As technology advances, the use of embryonic stem cell research has also expanded. Stem cells have shown promise in personalized medicine as they are undifferentiated and easily conform with the surrounding cells. There are two areas of research that stem cells are showing massive potential, cell regeneration and organ transplantation. It is thought that stem cells have the capability to “model genetic disorders in a reliable fashion such that no other method allows. It seems likely that we could use stem cells to model cells with genetic disorders and figure out how to mute certain genes, thus eliminating or drastically reducing the effects of the disease,” (1). Although embryonic stem cells (ESC) are showing great potential towards medical advancements, there are many people who are opposed to the idea of using these cells due to the aggressive nature in which we extract ESC.
Some research has opposed to this medical study and other have approved of the human stem cell study. This is Destruction of a humans’ life an embryo is a developing baby and is un ethical regardless if it’s benefits. The stem cell is obtained from a living person and the mother embryo is removed from her ovaries. For harvesting this will kill and destroy the embryo there are other forms of stem cells. The adult cells are non-embryonic theses are from placentas and umbilical cords and does not cause destruction to a human being. For the Ethical in this medical cell study the adult and embryonic stem cell have to be equal. So if the fetal cells are collected from a miscarriage or a stillborn birth there is medical possible way to be able to remove a fetus still alive from the mother womb without any harm done to the mother or fetuses than there are no ethical issues. On the other hand, if the mother wants an abortion the fetus stem cells will be collected this as unethical destruction killing a human the umbilical cord is not attached at birth or an infant than collecting the umbilical cords blood is ethical to obtain the stem cells. There is the adult stem cell these are a different that are non-embryonic cells. Which are located in the human’s placentas and umbilical cords of a baby or infant collecting the cells from these does not cause destruction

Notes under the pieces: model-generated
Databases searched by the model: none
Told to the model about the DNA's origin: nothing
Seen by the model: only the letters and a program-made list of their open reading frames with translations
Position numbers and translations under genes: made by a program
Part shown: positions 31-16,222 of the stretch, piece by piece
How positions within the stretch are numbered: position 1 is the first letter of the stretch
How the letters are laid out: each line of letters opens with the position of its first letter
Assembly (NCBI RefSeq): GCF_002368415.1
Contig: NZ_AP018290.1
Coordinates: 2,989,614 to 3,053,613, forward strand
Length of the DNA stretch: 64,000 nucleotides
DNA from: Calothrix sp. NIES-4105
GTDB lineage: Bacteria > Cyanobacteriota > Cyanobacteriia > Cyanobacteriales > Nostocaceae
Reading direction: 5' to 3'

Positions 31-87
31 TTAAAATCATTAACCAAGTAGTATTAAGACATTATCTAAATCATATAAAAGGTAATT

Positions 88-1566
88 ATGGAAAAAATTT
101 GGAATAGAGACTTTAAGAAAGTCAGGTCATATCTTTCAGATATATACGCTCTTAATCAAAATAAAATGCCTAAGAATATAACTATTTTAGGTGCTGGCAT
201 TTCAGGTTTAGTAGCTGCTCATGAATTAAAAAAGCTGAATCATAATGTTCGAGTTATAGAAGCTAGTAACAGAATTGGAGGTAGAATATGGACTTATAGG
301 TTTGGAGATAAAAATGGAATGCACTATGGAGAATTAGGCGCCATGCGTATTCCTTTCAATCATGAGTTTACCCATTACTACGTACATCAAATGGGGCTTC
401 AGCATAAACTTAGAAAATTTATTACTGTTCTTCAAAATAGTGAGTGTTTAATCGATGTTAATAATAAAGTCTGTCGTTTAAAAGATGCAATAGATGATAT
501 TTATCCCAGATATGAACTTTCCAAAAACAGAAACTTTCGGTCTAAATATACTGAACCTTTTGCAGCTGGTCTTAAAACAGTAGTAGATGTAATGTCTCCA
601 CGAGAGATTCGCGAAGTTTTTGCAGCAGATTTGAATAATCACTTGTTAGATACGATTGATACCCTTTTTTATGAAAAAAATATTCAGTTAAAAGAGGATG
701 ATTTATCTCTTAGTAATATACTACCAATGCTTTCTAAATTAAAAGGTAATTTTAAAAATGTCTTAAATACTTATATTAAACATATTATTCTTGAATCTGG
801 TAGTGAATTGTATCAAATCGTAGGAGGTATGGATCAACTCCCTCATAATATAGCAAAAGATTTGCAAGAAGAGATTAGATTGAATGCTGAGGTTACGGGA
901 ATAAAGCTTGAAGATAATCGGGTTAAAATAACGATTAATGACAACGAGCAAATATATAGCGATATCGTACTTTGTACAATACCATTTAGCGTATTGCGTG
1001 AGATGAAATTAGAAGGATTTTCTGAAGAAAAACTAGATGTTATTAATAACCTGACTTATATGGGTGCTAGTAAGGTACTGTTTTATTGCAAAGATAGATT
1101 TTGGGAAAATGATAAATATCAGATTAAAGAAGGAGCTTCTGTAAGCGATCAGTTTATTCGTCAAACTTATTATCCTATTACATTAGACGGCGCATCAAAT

In the 21st century, disease is rampant and for most diseases, we have no cure because we haven 't researched them long enough to find a specialized cure. One option that we have is human embryonic stem cell (HESC) research. HESC research consists of using human embryonic stem cells, which are very flexible and adaptive to create the necessary cells to develop future cell-based therapies for currently untreatable diseases, such as leukemia, various types of cancer along with the regeneration of organs and tissues. There are multiple applications of stem cell research include being used to study the development of a complex organism, replace damaged cells and treat disease, study disease and they could provide a resource for testing new medical treatments. (What are the potential applications.) HESC research offers the “hope of cures for chronic and debilitating conditions, such as juvenile diabetes, Alzheimer’s disease, Parkinson’s disease, spinal cord injuries and blindness.” (Vestal.) On the other hand, this research also represents “a revolutionary path to discovering the causes and cures for many more human maladies.” (Vestal.)